Tapping more directly into the experience of being in, and with, the desert, Stanley Schtinter’s psychedelic short film Dreamachine (2018) is a portrait of the artist and writer Brion Gysin and his eponymous invention – a stroboscopic light device that was meant to provoke an effect similar to being on hallucinogenic drugs. In the desert most things have the potential to facilitate a good trip. The same might not immediately be said of Nidderdale, North Yorkshire, Schtinter’s hometown and the subject of his film, Nidder (2019). Imagining a nuclear attack on the US surveillance base located in the town, Schtinter depicts the rural landscape through acid and colour-wash effects. With a soundtrack by a local Sufi brotherhood, who in the film develop an album in tribute to the land and its people, Schtinter represents Yorkshire as a new, almost unrecognizable, site. After the screening, a session with Berlin-based, French-born musician Guillaume Ollendorff took us even further away, towards space, with an enveloping soundtrack from his upcoming solo album SUNATRA IV, which is centred around Eceladus, the moon of Saturn.
While Ollendorff’s electronic music and synth-infused melodies highlighted the silence of the desert, Ismaïl Bahri’s film Foyer (2016) trained our eyes to see without seeing. Shot around Tunis, Bahri placed a sheet of paper in front of his camera’s lens, so all we see is the white paper. The experiment catches the attention of passers-by, including the local police, who ask for proof of the lack of footage on his camera. By asking us to pay attention to what is being said rather than what is seen, Bahri manages to reveal the social and political landscape of a particular place and time. More than any other in the festival, Foyer focused our attention on the images that exist around the screen: the desert’s unwieldy topography, temperature, shifting colours and light.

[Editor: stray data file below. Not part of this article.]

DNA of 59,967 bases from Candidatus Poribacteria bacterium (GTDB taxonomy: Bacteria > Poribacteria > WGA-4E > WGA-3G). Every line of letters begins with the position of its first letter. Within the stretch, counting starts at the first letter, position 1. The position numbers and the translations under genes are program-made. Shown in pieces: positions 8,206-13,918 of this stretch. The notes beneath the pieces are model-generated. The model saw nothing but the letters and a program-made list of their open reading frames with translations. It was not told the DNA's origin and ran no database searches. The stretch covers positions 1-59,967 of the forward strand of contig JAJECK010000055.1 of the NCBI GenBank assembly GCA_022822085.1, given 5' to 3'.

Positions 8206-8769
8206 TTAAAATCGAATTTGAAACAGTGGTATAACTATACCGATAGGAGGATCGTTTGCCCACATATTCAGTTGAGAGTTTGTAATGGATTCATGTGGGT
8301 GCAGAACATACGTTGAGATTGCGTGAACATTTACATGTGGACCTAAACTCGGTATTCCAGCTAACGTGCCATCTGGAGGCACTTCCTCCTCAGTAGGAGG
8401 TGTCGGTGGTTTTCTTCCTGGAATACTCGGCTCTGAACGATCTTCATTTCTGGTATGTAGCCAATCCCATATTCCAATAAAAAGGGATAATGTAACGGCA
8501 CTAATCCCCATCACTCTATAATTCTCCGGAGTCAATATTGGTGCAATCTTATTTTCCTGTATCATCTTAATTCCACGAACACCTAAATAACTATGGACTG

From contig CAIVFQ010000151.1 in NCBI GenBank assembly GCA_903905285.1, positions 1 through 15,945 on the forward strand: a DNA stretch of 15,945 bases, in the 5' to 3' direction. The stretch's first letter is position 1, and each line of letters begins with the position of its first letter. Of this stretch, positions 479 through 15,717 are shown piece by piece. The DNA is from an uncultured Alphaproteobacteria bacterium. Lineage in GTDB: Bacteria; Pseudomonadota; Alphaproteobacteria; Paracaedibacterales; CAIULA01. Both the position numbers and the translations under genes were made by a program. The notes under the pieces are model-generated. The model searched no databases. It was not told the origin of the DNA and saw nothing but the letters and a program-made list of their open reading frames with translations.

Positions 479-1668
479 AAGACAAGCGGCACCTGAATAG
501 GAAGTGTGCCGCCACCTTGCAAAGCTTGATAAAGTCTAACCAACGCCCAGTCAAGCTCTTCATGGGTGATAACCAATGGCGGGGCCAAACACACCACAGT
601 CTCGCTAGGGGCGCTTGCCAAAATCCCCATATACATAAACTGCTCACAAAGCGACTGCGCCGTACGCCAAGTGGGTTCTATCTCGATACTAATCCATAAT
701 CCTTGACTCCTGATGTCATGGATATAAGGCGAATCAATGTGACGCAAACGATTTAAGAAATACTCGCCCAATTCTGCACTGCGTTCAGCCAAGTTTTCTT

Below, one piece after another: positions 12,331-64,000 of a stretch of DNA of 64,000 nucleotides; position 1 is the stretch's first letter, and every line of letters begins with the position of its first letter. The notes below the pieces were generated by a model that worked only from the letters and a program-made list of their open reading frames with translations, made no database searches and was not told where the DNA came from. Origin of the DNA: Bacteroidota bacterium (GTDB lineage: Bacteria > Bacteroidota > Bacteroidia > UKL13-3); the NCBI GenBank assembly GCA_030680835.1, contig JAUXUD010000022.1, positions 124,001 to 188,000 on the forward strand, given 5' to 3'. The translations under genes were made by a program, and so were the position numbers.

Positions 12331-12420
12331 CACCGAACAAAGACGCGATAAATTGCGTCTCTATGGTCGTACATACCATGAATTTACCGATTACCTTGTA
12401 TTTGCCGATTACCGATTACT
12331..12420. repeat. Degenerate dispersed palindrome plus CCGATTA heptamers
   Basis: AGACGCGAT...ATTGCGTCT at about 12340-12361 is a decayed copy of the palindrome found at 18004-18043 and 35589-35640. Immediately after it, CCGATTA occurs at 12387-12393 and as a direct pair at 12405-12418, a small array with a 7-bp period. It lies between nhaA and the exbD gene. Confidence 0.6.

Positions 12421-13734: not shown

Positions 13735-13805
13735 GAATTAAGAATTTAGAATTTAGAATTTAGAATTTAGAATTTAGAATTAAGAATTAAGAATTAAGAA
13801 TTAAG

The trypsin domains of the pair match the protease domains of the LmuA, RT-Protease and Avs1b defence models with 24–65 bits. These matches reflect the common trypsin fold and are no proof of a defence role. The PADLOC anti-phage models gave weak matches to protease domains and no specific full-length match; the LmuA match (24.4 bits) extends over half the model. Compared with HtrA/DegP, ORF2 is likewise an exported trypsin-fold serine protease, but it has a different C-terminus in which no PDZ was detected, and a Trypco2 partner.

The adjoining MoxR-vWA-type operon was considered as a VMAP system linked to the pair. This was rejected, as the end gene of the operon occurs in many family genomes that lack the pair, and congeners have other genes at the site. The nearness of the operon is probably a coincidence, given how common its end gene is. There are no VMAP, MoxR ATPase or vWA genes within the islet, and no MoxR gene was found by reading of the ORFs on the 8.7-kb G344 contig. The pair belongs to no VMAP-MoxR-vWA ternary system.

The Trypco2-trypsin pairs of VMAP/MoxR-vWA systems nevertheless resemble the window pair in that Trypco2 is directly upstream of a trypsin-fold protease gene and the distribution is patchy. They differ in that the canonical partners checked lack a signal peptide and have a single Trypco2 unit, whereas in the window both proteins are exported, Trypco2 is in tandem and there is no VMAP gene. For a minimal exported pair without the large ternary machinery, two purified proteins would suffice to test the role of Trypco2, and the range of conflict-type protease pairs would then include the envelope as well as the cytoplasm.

Eduardo Williams, the director of Parsi (2018), the festival’s closing film, made a last-minute decision to project his work onto the cavernous rocks behind us. Shot by young members of the queer and trans community in Bissau, in West Africa, the film documents journeys by foot, bike, car and roller skates. Mariano Blatt’s poem No es (It isn’t, 2018), a cumulative work that could seemingly go on forever, is recited throughout. Composed of observations that begin with the sentence ‘it seems like’, the poem, like the film, makes a salient point about the relationship between looking and perceiving. By shifting our perspective Parsi reflected on the festival as a whole, reminding us, in the words of Maurice Merleau-Ponty, that the body is not ‘merely an object in the world […] it is our point of view on the world’.
‘Al-Qamar, Al Qamar (Valley of the Moon)’, Wadi Rum, Jordan ran from 19-22 April 2019
Main image: Al-Qamar, Al Qamar (Valley of the Moon), Film festival, Wadi Rum, Jordan, 2019, a collaboration between Spring Sessions and MMAG Foundation, Amman, Jordan. Courtesy: Kidlat Tahimik Fanclub and MMAG Foundation; photograph: Kari Rosenfeld